Deepak Chopra and Intent

Deepak Chopra and Intent

Why Robots Don’t Love Music

For more than a decade the media have been eagerly reporting on exciting advances in brain research and genetics, which arrive almost monthly.   These areas of science have become immensely confident and hopeful. They are the finger posts to a time when age-old mysteries about human nature will be explained once and for all. I recently saw a television report on neurologists investigating the mystery of music, for example, why it exists and how we respond to it.


My reaction to this report came in two parts: fascination at the ingenuity of the research and frustration that it’s taking knowledge down the wrong path. Let me fill in both.


Researchers at McGill University in Toronto have been hooking up subjects as they listen to music. As one would predict, various parts of the brain light up in response to music, and through MRIs and other forms of brain imaging, it’s been determined that music creates its own pattern of response. Raw input that reaches the auditory center in the cortex, responsible for interpreting all sounds, gets scattered to specific locations where rhythm, tempo, melody, timbre, etc. are separately processed in a matter of milliseconds. The prefrontal cortex even compares the music you are hearing now to music you expect to hear from past experience. By comparing the two, your brain can be surprised by something it never expected to hear, and further this can be a delightful surprise or a distasteful one.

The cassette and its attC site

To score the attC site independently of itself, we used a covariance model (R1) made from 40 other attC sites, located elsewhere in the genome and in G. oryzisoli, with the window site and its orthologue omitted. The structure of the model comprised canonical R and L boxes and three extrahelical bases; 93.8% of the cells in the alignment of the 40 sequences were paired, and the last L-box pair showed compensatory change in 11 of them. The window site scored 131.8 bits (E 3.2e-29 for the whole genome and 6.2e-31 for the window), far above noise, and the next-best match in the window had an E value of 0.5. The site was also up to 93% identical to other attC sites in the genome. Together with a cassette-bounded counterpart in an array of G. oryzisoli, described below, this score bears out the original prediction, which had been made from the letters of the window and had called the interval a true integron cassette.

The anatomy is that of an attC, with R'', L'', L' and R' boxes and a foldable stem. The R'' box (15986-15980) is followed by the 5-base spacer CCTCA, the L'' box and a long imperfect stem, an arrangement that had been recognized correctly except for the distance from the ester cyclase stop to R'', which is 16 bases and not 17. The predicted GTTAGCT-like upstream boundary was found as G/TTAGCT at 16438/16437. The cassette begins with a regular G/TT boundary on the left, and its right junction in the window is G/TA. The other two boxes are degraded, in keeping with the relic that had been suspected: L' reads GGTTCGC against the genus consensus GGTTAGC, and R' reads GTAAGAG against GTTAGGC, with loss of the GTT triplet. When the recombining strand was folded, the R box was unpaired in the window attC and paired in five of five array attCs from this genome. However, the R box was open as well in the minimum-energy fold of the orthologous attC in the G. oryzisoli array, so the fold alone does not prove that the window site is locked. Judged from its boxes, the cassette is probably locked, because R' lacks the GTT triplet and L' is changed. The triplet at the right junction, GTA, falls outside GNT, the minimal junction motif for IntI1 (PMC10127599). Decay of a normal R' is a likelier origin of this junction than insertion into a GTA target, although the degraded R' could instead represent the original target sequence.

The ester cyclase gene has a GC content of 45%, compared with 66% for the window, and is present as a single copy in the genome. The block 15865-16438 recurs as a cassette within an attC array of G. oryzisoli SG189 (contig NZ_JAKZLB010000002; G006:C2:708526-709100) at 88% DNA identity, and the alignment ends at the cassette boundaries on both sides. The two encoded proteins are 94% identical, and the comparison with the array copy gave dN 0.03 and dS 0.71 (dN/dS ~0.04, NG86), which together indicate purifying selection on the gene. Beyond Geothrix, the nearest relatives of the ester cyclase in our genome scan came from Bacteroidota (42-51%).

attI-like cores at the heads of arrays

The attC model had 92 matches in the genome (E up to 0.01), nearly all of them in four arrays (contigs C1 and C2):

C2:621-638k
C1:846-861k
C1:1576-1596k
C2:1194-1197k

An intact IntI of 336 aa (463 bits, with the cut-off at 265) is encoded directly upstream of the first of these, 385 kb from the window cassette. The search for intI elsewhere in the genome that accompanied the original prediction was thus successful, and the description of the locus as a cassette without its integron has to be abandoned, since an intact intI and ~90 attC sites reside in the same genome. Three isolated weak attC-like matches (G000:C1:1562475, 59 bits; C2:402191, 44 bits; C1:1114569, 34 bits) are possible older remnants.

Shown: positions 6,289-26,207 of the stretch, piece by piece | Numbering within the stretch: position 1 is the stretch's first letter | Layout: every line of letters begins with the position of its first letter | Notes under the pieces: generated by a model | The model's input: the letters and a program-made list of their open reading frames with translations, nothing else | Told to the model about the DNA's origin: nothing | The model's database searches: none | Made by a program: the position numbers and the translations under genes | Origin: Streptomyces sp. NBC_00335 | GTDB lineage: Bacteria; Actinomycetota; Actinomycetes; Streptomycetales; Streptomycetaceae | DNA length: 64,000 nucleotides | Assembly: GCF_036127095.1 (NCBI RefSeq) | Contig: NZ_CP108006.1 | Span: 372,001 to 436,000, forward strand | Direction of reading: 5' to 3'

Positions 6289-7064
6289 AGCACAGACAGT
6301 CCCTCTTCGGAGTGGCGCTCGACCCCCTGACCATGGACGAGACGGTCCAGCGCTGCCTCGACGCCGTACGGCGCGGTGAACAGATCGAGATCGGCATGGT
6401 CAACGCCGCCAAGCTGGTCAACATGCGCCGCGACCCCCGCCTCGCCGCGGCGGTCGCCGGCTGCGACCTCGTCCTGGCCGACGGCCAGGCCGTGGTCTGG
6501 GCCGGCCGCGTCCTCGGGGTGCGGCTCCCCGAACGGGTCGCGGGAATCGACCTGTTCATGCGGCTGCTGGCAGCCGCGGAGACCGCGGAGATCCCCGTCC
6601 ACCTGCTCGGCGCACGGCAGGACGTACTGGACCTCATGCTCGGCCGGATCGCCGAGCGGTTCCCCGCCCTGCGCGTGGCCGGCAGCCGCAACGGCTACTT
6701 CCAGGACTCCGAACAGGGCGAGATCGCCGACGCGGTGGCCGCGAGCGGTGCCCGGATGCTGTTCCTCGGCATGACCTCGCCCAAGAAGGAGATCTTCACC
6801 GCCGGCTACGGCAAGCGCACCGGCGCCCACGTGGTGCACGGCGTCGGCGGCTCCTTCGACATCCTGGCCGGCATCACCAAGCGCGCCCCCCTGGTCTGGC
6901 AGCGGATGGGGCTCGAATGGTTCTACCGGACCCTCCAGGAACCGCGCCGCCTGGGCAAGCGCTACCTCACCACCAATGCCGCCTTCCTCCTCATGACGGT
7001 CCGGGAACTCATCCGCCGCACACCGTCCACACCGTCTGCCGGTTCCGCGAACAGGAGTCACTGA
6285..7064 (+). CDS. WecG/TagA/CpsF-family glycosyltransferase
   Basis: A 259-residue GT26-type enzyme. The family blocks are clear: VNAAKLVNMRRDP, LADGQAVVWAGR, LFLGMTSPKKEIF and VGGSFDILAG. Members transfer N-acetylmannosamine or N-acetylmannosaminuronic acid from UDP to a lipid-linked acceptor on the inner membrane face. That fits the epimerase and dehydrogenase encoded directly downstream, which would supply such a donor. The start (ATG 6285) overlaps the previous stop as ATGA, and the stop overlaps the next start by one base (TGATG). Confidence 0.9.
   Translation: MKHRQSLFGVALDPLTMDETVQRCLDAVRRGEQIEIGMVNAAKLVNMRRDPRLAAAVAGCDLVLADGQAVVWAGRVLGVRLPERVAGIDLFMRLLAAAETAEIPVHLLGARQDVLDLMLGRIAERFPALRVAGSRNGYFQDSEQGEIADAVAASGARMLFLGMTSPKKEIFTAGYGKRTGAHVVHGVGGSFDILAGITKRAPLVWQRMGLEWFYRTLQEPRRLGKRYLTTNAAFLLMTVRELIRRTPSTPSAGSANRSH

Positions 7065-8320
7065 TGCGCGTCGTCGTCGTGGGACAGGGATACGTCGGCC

All of this extremely complex communication between tiny areas of the brain goes on unconsciously, but without it, music would be just random noise. You may claim that you feel music in your soul, your heart, your gut. In fact, your total response is neurological. The research also shows that the brain gets “hard wired” in childhood according to what system of music you are exposed to. A Chinese baby’s brain develops specific connections that respond to Chinese harmony, thus leading to its enjoyment. A baby born in the West, exposed to Western harmonies, is hard wired to enjoy that system but not the Chinese, and vice versa. Finally, the researchers could take a musical performance and gradually change it via computer software to see if the brain notices any difference. As the music became more mechanical and less personal, for example, the brain often didn’t notice any difference until the change was glaringly obvious. This might explain “tin ears” and at the other extreme, a professional musician’s subtle ability to detect the finer points of musical style. Different wiring leads to different levels of appreciation.